The dance in town was well attended by the 9th - more than usual - and
some of the men took pains to tie on an appropriate cravat in case they
ran into pretty girls (in the absence of silk or cotton, a little ribbon
The 2014 season is half over with three (3) events down; July is here;
Furloughs are long over and 9th Texas stragglers are directed to return
to the unit for the remnant of the campaign as there is hard-fighting
Some dues remain unpaid, and given that our 9th treasury is perilously
low, I would appreciate it if all active duty 9th men got their dues
into me asap.
And now, on to Pilot Knob!
Captain, 9th Texas, etc.
After Action Report
- First Missouri
Battalion Spring Muster, Shoal Creek Living History Museum, KCMO, May
In the second Maximum Battalion event of the
2014/1864 season, the First Missouri Battalion, with somewhat light
numbers, traveled to the gently rolling hills and period village of the
Shoal Creek Living History Museum, north of KCMO, a 75 minute drive from
Topeka, as a point of reference. Many thanks to the folks at the Museum
for permitting us the opportunity to have the run of the grounds for the
event. I understand that the Museum may be looking at turning this into
a biennial event. I wonder if Shoal Creek is ready to assume the role
that Mahaffie once held in the Kansas City area?
I count the 9th’s attendance good vis-a-vis the other
units in attendance:
Harris (from the 10th Missouri)
Robert Johnston (veteran from 37th
Sam Lowry (new man Cowtown 2014)
Tanner Ramsey (new man
Troy Stickelman (son of David
Stickelman, and new man Cowtown 2014)
Jim White (new
Captain Brian Cox
First Sgt. Randy Downey
Sgt./Cpl. Jamie Ralph
Work and family commitments kept others away.
Jim White, who
I met at Cowtown 2014, was interested enough in reenacting with the 9th
Texas to drive up to KC from Wichita on Sunday morning in sufficient
time to attend Lt. George’s excellent class on reenactor safety, to
receive a furious 45 minute indoctrination on drill and the manual of
arms, and to attend a truncated Battalion drill, including stacking
arms. Of note, against all odds, he turned up as the front rank no. 2
man during Battalion drill when Col. Amend ran the Battalion through the
stacking of arms, and acquitted himself quite well for a new recruit of
merely hours length. Who can say, “I did as well?”
Stickelman (Troy), Ramsey, and Lowry - all of whom “saw the elephant” at
Cowtown 2014 - have proven to be good soldiers and valuable additions to
We spied Mr. McMillan in civies watching Battalion
Battalion staff in attendance:
Col. Brad Amend
Lt. Col. Mike “Mississippi” Williams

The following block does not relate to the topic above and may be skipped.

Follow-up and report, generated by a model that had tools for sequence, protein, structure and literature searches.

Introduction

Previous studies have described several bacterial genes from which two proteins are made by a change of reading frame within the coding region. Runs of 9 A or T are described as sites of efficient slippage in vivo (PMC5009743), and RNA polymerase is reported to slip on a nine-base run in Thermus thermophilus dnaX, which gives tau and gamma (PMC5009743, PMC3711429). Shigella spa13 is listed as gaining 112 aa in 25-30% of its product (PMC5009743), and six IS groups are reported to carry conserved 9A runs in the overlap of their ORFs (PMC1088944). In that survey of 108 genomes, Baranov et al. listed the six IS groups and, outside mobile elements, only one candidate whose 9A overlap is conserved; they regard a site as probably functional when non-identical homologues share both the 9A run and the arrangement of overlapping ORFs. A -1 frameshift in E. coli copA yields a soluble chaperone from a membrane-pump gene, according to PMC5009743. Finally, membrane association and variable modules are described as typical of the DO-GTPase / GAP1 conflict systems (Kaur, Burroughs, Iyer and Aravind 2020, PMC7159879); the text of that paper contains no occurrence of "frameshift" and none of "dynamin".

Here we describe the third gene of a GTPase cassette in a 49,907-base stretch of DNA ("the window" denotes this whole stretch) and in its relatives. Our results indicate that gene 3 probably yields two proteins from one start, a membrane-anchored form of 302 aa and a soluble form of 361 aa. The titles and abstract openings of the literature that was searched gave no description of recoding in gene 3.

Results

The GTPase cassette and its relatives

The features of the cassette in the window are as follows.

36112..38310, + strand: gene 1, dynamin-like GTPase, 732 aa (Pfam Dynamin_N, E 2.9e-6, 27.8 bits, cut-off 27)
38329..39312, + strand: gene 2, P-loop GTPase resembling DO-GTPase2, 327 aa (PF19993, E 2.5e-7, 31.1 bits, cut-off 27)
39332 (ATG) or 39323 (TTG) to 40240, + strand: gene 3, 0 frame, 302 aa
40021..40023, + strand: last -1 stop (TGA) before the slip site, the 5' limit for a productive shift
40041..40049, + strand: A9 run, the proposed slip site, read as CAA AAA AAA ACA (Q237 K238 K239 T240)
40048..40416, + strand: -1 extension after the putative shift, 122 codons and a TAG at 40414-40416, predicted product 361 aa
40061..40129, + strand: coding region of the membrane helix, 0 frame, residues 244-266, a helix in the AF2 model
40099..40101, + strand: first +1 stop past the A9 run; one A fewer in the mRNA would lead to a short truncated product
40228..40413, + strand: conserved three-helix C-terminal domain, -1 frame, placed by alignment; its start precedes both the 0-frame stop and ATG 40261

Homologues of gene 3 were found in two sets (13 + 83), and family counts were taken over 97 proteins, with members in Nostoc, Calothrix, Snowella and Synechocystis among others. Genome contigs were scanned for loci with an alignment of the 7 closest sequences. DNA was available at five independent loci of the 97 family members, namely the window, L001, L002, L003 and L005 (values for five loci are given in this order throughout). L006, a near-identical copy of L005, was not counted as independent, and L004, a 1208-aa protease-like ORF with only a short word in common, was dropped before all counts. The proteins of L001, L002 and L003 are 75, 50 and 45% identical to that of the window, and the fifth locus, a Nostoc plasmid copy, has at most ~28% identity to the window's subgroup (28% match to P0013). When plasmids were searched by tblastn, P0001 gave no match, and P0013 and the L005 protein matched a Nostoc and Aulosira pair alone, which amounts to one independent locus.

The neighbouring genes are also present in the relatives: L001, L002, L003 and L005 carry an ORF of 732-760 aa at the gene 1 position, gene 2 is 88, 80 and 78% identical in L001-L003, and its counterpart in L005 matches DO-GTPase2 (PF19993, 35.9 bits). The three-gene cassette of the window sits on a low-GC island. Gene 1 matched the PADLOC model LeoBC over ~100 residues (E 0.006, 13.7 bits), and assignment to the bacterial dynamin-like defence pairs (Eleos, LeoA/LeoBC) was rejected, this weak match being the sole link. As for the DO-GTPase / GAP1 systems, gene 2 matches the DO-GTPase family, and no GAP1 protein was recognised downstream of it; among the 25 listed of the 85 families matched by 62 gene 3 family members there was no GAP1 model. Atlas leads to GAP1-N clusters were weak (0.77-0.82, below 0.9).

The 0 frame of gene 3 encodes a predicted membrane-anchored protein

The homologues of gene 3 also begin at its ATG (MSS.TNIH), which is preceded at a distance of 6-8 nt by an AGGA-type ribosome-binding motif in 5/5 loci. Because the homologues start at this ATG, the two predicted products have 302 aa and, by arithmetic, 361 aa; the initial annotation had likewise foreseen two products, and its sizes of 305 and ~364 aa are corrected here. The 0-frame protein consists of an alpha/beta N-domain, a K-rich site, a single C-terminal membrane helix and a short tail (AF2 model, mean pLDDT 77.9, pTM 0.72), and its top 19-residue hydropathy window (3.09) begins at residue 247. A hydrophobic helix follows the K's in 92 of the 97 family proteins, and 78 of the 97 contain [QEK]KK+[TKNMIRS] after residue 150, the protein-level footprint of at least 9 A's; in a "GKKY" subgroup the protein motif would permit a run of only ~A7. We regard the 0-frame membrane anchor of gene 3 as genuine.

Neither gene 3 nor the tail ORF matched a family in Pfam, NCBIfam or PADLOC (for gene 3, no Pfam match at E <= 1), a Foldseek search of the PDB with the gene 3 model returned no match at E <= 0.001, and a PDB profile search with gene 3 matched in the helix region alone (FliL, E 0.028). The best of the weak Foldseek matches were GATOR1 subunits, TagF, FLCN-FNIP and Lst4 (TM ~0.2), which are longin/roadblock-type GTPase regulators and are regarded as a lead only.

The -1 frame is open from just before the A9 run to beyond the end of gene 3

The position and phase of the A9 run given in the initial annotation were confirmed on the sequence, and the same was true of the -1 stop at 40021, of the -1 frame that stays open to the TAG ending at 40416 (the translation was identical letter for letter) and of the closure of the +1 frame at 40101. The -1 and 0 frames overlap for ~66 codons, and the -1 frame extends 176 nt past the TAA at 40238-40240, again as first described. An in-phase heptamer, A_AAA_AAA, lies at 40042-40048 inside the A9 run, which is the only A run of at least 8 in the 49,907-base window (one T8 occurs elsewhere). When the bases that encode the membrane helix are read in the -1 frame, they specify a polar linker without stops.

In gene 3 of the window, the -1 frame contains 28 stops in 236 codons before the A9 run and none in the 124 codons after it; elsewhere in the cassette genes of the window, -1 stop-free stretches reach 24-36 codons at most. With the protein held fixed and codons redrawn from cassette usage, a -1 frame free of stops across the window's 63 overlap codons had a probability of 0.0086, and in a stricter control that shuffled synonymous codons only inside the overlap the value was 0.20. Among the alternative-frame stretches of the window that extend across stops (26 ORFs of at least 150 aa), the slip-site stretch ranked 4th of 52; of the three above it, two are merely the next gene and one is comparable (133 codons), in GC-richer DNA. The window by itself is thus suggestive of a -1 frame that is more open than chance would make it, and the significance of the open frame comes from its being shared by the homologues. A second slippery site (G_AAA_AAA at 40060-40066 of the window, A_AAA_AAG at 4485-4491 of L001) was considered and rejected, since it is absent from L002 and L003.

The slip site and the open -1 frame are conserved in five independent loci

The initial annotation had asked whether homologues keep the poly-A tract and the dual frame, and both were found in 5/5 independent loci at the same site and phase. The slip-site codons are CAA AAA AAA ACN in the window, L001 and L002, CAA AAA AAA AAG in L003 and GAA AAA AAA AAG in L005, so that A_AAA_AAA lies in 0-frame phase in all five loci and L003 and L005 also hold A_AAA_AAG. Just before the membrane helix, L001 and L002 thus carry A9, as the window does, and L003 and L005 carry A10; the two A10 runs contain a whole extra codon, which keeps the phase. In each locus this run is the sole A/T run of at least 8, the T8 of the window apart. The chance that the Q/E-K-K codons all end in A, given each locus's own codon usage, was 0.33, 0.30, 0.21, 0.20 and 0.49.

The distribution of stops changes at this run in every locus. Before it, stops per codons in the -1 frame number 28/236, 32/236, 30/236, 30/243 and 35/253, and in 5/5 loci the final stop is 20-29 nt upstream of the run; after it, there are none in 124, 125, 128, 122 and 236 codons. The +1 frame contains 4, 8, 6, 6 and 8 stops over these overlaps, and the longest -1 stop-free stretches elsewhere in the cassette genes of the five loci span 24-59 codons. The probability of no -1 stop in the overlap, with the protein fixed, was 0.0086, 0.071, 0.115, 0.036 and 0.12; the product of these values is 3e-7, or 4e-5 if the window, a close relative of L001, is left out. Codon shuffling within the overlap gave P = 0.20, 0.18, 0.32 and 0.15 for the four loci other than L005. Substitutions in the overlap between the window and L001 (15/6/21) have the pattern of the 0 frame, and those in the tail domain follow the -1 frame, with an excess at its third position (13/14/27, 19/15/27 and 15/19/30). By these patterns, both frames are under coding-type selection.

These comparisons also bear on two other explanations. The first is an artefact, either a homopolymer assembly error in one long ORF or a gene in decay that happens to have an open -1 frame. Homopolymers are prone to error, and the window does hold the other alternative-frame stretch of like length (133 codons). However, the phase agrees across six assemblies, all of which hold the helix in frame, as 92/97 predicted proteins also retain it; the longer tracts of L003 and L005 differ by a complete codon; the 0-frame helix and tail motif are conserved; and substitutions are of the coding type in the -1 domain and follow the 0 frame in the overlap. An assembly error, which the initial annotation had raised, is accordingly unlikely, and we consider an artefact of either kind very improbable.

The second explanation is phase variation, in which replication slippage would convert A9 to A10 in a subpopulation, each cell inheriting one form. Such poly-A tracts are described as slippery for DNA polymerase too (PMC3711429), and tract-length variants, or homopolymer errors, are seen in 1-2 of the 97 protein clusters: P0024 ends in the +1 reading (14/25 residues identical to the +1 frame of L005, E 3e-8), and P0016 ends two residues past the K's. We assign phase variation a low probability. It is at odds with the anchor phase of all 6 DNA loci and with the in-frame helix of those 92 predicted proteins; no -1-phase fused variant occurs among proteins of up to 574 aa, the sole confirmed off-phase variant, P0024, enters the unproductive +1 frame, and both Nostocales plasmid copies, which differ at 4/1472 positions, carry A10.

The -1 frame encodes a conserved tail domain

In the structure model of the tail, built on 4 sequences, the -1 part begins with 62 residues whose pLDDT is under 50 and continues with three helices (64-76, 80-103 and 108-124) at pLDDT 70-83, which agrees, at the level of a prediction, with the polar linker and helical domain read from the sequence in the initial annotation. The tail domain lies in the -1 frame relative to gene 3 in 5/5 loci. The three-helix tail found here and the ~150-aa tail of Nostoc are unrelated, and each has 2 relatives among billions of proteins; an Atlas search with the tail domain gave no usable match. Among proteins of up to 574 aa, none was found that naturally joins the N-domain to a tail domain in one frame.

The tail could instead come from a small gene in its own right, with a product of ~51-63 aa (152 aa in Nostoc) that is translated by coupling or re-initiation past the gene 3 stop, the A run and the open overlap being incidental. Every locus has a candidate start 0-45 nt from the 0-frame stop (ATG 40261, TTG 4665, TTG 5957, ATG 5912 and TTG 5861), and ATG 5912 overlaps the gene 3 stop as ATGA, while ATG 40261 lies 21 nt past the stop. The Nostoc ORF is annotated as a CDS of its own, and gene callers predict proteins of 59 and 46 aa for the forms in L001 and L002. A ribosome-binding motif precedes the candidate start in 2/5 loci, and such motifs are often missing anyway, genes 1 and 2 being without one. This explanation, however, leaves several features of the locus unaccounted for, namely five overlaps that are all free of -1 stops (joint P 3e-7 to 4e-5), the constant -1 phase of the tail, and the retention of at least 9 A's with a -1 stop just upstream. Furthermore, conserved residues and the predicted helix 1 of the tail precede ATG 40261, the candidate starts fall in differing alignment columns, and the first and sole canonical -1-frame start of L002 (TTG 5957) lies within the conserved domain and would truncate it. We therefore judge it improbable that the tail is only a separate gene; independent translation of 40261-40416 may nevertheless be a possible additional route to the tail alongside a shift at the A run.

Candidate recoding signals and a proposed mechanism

Major Dave Burnos
Sgt. Major Gary Sutton
Color Sgt. Shawn Bell
Color Cpl. Dave Jepsen
Other companies in attendance:
First Missouri under Captain Steve Montgomery
Third Missouri under
Captain Paul Dittmeier
Third Missouri (Dismounted) under Captain Tim
Fourth Missouri under Captain Daniel Keith and Brevet Captain
Amenities were somewhat spare. Of
note, neither straw nor firewood was provided, however, the 9th brought
much of the latter and there was plenty of deadfall. Clean porcelain was
near at hand. Parking was a stone’s throw away.
Country and 9th friend, Del Warren, attended.
a break from the norm, Col. Amend instituted classroom training in
addition to stepped up drill at the event. Recognizing the length of
reenactor patience and energy after a day of activity, classes were kept
short, and to the point, from what I observed. Presenters included:
Tying the cravat - by Dr. Cravatsky, aka Color Sgt. and always
amusing and irrepressible Shawn Bell, on the history and proper tying of
the Civil War cravat.
Cartridge rolling - by Col. Brad Amend. An
easy way to upgrade your impression. None does it better.
Saluting - by Sgt. Major Sutton - offering another excellent way to
improve your impression and resurrect proper military protocol in the
Cigarettetiquette - by Major Burnos - the proper use of
tobacco by the reenactor.
Dressing the part - by Chris Visser -
quite a virtuoso presentation here by Mr. Visser on proper dress for the
Missouri State Guard but also a far-ranging exposition on proper
uniforms for the reb reenactor generally. Kudos to Chris for the
“A stitch in time” - sewing by seamstress
extraordinaire and Battalion Adjutant Chris Shuster.
And in a
class which should be at every event - an excellent prevention on safety
concerns by Lt. George - The topic extends well beyond firing and
extends to taking a hit, loading, positions of the soldier on the line,
hand-to-hand, etc. I have sent around a copy of his handout as well as
the MCWRA safety rules for infantry.
I can’t refrain from noting
that, of the seven (7) presenters, all of four (4) are 9th Texas boys -
Col. Amend, Sgt. Major Sutton, Color Sgt. Bell, and Mr. Visser.
Mother Nature was generally cooperative although
there was some very light drizzle on Friday night and temperatures were